Tuesday 14 July 2020 1:34 pm

JP Morgan sets aside $10.5bn to cover loan defaults due to coronavirus pandemic

Investment bank JP Morgan Chase & Co has set aside $10.5bn (£8.38bn) of reserves to cover a potential surge of loan defaults due to the coronavirus pandemic as US cases of Covid-19 continued to rise.

The bank increased its provision for credit losses by $9.3bn compared to the previous year reflecting the “deterioration and increased uncertainty in the macroeconomic outlook” due to coronavirus. 

Read more: JP Morgan’s profit dives on coronavirus credit provisions

JP Morgan also reported a 51 per cent drop in profit during the second quarter, a smaller fall than expected.

Net income fell to $4.69bn, or $1.38 per share, in the quarter to 30 June, topping lowered analyst forecasts of $1.04 per share.

The bank will also continue to pay out a dividend, chief executive Jamie Dimon said.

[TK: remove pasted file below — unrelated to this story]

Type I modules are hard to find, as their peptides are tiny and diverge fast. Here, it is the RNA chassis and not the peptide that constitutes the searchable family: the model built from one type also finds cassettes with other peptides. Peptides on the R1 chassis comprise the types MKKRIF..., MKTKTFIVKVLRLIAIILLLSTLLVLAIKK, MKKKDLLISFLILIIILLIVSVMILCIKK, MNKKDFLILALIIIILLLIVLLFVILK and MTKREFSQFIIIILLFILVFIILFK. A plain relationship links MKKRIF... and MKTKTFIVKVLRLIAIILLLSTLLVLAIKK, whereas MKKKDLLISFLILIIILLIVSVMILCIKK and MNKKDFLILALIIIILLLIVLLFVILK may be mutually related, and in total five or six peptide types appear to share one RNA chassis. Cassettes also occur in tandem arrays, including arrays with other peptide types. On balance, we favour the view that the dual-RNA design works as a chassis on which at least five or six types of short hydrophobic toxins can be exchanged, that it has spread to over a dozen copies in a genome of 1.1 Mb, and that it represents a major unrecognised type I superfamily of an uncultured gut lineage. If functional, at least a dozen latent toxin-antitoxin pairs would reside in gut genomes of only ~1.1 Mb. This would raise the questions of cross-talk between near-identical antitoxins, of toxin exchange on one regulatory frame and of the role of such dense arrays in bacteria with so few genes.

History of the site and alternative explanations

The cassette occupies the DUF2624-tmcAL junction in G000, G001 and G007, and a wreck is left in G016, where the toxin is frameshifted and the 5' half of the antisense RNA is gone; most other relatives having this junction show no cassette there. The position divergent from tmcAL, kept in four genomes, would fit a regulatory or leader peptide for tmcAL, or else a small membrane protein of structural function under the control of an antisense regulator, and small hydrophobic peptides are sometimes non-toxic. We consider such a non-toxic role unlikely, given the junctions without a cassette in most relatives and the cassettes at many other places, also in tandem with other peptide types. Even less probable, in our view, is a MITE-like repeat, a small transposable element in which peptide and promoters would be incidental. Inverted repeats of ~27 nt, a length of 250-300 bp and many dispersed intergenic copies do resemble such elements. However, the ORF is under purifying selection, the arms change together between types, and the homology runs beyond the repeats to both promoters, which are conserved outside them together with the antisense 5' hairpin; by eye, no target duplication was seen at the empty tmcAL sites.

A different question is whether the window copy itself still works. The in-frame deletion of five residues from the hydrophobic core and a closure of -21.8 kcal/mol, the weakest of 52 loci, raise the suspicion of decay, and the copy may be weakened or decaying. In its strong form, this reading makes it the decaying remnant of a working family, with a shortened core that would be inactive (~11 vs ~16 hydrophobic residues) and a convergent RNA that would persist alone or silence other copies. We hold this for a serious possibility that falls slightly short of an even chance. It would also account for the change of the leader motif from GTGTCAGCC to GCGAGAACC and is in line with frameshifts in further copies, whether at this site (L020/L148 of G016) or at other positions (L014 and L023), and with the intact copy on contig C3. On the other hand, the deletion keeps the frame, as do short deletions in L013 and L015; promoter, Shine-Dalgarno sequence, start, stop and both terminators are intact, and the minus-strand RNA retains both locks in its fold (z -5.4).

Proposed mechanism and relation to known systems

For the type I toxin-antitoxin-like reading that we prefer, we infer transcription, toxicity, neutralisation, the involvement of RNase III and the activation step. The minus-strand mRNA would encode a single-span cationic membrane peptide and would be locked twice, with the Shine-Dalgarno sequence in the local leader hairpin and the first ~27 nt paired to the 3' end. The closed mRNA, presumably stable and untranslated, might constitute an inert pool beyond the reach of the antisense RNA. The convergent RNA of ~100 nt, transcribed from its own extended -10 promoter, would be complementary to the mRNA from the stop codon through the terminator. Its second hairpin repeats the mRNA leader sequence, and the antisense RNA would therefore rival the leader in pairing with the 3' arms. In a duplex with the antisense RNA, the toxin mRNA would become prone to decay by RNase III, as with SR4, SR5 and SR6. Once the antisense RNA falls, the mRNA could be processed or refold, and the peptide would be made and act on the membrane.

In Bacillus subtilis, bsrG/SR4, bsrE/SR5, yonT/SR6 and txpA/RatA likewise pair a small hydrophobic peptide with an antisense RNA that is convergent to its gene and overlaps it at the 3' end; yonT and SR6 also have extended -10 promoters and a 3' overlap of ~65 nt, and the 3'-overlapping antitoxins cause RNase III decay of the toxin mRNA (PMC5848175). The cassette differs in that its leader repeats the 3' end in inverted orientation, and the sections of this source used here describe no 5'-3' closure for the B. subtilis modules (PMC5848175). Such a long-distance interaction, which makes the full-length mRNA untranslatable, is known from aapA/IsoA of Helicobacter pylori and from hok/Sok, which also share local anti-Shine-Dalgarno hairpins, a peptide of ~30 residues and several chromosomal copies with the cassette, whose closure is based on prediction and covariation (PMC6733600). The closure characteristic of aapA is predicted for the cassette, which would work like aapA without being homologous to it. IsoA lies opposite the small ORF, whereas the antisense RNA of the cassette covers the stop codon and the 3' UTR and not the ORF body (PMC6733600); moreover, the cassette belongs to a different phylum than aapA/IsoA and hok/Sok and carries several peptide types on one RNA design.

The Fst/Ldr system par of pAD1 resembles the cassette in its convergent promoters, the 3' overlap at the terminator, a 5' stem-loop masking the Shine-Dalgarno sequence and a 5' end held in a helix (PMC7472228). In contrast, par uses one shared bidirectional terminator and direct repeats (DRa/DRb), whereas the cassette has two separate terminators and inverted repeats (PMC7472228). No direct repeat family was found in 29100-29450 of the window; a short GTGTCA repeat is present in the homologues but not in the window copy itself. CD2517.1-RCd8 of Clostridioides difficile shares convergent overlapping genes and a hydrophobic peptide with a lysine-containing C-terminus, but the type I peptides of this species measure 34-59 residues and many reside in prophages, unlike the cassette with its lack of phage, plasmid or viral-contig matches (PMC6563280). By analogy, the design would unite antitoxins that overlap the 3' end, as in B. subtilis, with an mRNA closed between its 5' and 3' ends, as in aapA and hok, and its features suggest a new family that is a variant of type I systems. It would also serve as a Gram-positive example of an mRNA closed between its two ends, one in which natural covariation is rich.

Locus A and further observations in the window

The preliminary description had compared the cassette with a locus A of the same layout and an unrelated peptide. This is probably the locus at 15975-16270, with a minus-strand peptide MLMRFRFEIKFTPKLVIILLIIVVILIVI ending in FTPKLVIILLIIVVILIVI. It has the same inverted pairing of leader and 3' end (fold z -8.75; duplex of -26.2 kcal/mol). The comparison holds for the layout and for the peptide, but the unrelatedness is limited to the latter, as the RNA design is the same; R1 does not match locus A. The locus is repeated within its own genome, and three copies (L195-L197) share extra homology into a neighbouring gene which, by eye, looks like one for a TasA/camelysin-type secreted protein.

Dimon added: “We are fully committed to doing our part both in promoting the safety of our employees and customers and helping the economies of the world recover from the impact of the ongoing Covid-19 crisis, including helping to drive policies and programs for the benefit of all of society and create opportunity for those who have been left out of the economy for far too long.”

“My sense is what while the stock market does not reflect the real economy, and the JPM numbers reinforce this view, this is not a barrier to further gains,” Neil Wilson, chief market analyst at Markets.com, said.

“The vast amount of liquidity that has been injected into the financial system will keep stocks supported – the cash needs to find a home somewhere and bonds offer nothing. 

Read more: FTSE 100 drops amid US-China tensions and rising coronavirus cases

“However there is clearly a risk that Main Street starts to bite at the ankles of Wall Street and results in another pullback like we saw in the second week of June. 

“We should remember that there could be some very hard yards ahead for the US economy as states pause reopening – loan loss provisions may need to rise a lot more.”